Socialist Student Activities
The Student League for Industrial Democracy, the collegiage off-shoot of the League for Industrial Democracy, like all adolescents, wanted to assert its independence from its parent. In 1935, it merged with other groups to form the American Student Union.
There was discord in the ASU over the organization's changing position to European armament after 1938, with the Socialist-oriented members generally favoring continuation of the organization's historic opposition to militarism and Communist-oriented members arguing in favor of rearmament and collective in Europe. The break came the following year, however, with the November 1939 Soviet invasion of Finland. The ASU leadership, consisting by that time of a Communist majority, dutifully supported the military action of the Soviet Union, prompting the Socialist minority to split the organization.
The American Student Union (ASU) was a national left-wing organization of college students of the 1930s, best remembered for its protest activities against militarism. Founded by a 1935 merger of Communist and Socialist student organizations, the ASU was affiliated with the American Youth Congress American Youth Congress. The group was investigated by Dies Committee of the U.S. House of Representatives in 1939 over its connections to the Communist Party USA. With the group's Communist-dominated leadership consistently supportive of the twists and turns of Soviet foreign policy, the Socialist minority split from the group in 1939. The organization was terminated in 1941.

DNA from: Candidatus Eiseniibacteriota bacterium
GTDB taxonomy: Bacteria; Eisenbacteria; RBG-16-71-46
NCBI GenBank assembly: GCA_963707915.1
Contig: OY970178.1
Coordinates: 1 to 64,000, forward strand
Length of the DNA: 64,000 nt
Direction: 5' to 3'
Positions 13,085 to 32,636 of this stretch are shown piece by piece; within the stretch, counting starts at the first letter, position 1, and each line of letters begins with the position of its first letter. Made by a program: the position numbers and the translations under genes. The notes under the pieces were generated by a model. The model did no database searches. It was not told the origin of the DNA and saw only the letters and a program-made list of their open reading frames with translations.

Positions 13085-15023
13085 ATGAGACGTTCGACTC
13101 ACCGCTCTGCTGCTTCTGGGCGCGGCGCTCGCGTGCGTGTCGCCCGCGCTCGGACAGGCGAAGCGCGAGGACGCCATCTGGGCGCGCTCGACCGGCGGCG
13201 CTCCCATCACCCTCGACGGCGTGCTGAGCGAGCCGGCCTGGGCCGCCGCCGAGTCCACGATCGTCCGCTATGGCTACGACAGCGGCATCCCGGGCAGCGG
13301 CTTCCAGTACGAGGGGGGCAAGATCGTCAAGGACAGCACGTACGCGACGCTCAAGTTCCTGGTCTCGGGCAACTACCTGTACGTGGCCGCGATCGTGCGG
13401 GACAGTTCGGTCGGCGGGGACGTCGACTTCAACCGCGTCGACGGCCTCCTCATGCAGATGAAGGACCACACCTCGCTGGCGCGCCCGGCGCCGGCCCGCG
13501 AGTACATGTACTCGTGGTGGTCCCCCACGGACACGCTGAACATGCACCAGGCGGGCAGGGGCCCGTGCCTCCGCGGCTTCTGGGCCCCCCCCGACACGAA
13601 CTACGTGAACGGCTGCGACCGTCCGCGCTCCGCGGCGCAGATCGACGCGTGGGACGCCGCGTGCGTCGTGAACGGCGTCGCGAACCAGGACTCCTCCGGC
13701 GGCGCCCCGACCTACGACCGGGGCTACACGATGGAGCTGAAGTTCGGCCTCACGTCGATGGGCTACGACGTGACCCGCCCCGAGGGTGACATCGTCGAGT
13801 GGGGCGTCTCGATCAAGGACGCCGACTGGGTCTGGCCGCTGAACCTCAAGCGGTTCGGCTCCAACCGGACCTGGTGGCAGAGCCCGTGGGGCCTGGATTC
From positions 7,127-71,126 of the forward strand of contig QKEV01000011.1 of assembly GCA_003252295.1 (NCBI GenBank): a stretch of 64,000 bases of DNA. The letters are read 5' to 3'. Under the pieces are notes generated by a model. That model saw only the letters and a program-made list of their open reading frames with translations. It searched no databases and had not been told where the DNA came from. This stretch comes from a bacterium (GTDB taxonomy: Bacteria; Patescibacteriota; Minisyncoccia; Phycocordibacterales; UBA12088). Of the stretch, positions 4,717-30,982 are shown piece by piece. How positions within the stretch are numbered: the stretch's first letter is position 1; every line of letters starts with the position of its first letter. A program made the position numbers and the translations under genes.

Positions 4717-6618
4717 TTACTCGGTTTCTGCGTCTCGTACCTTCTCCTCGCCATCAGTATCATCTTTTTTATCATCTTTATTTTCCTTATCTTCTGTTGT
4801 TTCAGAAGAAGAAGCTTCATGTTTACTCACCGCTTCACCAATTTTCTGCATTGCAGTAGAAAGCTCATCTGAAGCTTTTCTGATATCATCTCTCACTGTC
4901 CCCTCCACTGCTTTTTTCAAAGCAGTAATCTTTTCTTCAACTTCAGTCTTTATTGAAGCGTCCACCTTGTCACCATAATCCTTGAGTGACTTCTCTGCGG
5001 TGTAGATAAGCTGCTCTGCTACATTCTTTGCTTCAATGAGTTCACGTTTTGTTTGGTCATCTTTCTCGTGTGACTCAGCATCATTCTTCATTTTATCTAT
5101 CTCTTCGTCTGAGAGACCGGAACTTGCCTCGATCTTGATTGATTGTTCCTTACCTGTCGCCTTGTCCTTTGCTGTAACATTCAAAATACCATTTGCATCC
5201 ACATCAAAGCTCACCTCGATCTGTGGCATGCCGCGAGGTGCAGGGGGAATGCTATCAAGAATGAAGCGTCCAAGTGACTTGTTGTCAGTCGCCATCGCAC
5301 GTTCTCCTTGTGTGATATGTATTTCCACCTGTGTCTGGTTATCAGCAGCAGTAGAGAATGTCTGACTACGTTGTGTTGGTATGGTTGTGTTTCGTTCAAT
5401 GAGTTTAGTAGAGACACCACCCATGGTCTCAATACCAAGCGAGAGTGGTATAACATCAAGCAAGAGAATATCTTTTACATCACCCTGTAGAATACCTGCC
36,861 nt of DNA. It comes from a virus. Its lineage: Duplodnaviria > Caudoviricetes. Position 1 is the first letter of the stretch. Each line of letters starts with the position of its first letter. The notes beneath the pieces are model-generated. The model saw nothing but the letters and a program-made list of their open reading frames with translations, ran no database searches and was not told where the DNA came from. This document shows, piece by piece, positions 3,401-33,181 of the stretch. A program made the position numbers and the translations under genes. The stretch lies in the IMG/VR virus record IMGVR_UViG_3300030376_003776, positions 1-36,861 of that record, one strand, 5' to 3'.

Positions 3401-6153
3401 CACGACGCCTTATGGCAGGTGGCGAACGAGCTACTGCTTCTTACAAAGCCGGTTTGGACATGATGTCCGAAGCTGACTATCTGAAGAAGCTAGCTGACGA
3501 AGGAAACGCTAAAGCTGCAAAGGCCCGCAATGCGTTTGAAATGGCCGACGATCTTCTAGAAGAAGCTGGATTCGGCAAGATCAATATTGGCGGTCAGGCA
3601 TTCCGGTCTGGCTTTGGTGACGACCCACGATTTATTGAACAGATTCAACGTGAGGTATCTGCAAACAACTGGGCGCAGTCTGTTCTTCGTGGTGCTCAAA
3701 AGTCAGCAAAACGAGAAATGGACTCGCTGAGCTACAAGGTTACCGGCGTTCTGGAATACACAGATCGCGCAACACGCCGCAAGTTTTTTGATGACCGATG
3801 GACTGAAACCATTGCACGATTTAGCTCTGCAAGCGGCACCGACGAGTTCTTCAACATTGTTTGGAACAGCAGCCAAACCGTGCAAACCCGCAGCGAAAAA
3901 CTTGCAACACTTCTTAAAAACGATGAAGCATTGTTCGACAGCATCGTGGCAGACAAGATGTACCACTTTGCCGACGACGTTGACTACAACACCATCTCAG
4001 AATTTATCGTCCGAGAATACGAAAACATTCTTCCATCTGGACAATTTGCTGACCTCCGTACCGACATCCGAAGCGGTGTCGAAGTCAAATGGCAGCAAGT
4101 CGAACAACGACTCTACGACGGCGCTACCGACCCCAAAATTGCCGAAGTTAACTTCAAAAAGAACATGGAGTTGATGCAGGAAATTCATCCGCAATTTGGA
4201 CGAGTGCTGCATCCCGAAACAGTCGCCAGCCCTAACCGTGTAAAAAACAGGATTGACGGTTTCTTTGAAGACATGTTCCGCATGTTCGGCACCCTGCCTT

Communist International, or the Comintern, as it was known, held a theory based on its economic and political analysis of world capitalism, which posited the division of recent history into three periods. These included a “First Period” that followed World War I and saw the revolutionary upsurge and defeat of the working class class, as well as a “Second Period” of capitalist consolidation for most of the decade of the 1920s. According to the Comintern's analysis, the current phase of world economy from 1928 onward, the so-called “Third Period,” was to be a time of widespread economic collapse and mass working class radicalization. This economic and political discord would again make the time ripe for proletarian revolution if militant policies were rigidly maintained by the Communist vanguard party (Comintern), the Comintern believed.